Using Tidy Inline Or Locally
Inline Tidy With A HTML Editor
Some modern day HTML editors either have Tidy built into the editor or have the ability to add tidy as the default editor. The quick tools in one of our editors include apply source formatting, upgrade to style sheets and convert to XML, all changes can be easily revert to the original coding with an undo.
The convert to style sheets is particularly useful for reducing code bloat, placing all of the style elements into an inline CSS, which can later be placed in an external CSS, which further reduces code bloat. The result of which is a lean, clean page of HTML which is much easier to make any additional corrections, if necessary by folk like myself who have very poor eye sight.
Hopefully our dear readers will find in this tutorial ample examples and also reasons to use Tidy, either inline, locally or both.
If you are presently using a HTML editor without Tidy, then by all means consider whether your editor will support the addition of Tidy as the default editor, which is certainly the case with the six editors I currently use. Which is to try and keep up with current technology and attempt to answer questions which may be directed my way.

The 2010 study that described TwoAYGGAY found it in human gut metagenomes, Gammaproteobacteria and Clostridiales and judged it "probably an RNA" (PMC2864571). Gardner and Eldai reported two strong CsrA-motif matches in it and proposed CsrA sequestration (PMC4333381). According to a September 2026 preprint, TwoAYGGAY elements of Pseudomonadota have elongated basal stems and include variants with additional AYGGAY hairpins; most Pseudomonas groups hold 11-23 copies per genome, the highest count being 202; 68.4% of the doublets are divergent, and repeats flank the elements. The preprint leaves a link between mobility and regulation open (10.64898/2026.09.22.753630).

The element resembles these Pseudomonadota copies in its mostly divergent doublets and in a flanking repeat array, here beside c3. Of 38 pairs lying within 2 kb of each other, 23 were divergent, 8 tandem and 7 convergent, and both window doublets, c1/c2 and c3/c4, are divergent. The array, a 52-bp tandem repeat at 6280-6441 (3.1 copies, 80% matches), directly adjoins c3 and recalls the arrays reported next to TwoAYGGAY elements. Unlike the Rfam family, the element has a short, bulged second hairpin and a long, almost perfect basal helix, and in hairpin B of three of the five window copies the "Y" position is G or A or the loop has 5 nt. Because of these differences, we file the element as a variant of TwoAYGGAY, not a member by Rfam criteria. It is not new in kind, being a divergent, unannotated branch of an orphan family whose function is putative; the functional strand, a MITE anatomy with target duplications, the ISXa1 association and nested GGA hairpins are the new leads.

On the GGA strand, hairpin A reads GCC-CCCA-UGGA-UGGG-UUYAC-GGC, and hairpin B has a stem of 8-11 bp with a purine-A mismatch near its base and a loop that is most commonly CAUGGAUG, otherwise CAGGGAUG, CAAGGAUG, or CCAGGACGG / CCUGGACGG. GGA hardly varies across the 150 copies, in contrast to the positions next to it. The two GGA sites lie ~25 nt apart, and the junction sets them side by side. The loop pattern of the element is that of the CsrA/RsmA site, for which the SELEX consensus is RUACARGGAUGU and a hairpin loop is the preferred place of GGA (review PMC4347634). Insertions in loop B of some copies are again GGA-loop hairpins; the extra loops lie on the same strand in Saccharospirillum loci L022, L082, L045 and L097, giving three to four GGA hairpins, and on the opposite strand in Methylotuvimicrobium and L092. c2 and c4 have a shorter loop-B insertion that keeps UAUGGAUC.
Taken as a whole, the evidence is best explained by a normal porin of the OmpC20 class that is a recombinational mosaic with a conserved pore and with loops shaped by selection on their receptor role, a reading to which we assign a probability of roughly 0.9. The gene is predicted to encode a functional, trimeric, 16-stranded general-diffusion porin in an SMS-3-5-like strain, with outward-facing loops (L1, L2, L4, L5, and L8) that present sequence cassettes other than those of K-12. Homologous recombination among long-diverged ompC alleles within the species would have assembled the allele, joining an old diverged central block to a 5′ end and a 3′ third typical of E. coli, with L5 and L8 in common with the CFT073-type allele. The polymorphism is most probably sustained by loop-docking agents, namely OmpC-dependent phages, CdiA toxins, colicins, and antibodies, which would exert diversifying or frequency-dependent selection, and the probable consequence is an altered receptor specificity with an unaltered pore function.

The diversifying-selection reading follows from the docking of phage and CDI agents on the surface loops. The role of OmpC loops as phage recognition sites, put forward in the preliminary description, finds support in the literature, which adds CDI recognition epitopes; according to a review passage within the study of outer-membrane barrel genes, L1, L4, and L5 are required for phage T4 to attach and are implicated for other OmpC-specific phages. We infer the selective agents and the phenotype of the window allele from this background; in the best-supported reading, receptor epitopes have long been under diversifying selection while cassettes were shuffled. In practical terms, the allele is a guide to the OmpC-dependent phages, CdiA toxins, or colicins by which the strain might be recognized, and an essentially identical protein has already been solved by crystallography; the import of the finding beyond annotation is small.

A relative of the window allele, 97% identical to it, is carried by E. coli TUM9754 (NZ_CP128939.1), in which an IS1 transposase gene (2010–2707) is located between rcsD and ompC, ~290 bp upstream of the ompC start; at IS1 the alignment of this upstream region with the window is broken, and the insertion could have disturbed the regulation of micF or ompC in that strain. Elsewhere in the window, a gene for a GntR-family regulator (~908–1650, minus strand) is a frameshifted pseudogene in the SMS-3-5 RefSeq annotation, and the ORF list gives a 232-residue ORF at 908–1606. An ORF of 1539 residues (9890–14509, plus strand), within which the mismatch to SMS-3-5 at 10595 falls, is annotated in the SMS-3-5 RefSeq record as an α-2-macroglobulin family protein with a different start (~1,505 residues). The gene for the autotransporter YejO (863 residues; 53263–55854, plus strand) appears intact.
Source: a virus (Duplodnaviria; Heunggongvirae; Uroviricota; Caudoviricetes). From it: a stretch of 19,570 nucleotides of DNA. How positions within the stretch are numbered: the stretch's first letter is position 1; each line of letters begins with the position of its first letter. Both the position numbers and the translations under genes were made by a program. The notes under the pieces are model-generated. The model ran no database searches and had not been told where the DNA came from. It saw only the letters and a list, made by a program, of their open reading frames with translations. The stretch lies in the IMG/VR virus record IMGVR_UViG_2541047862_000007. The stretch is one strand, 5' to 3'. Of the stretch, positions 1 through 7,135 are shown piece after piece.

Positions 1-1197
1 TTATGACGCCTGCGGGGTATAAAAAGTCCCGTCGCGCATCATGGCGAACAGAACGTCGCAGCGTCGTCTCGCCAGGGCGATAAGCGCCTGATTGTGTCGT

If your HTML editor does not support Tidy and you find through on line use of Tidy to check your HTML coding and find errors, then perhaps it is time to secure another editor. But if you use an online editor consider also that the small cost of a local editor to use on your computer (usually under one hundred dollars) will result in significant time savings and add to the enjoyment of compliant page building which will do nothing short of revolutionizing the world wide web for we little people.
Previous Pages: Introduction | Download Options | Online Validations | Browser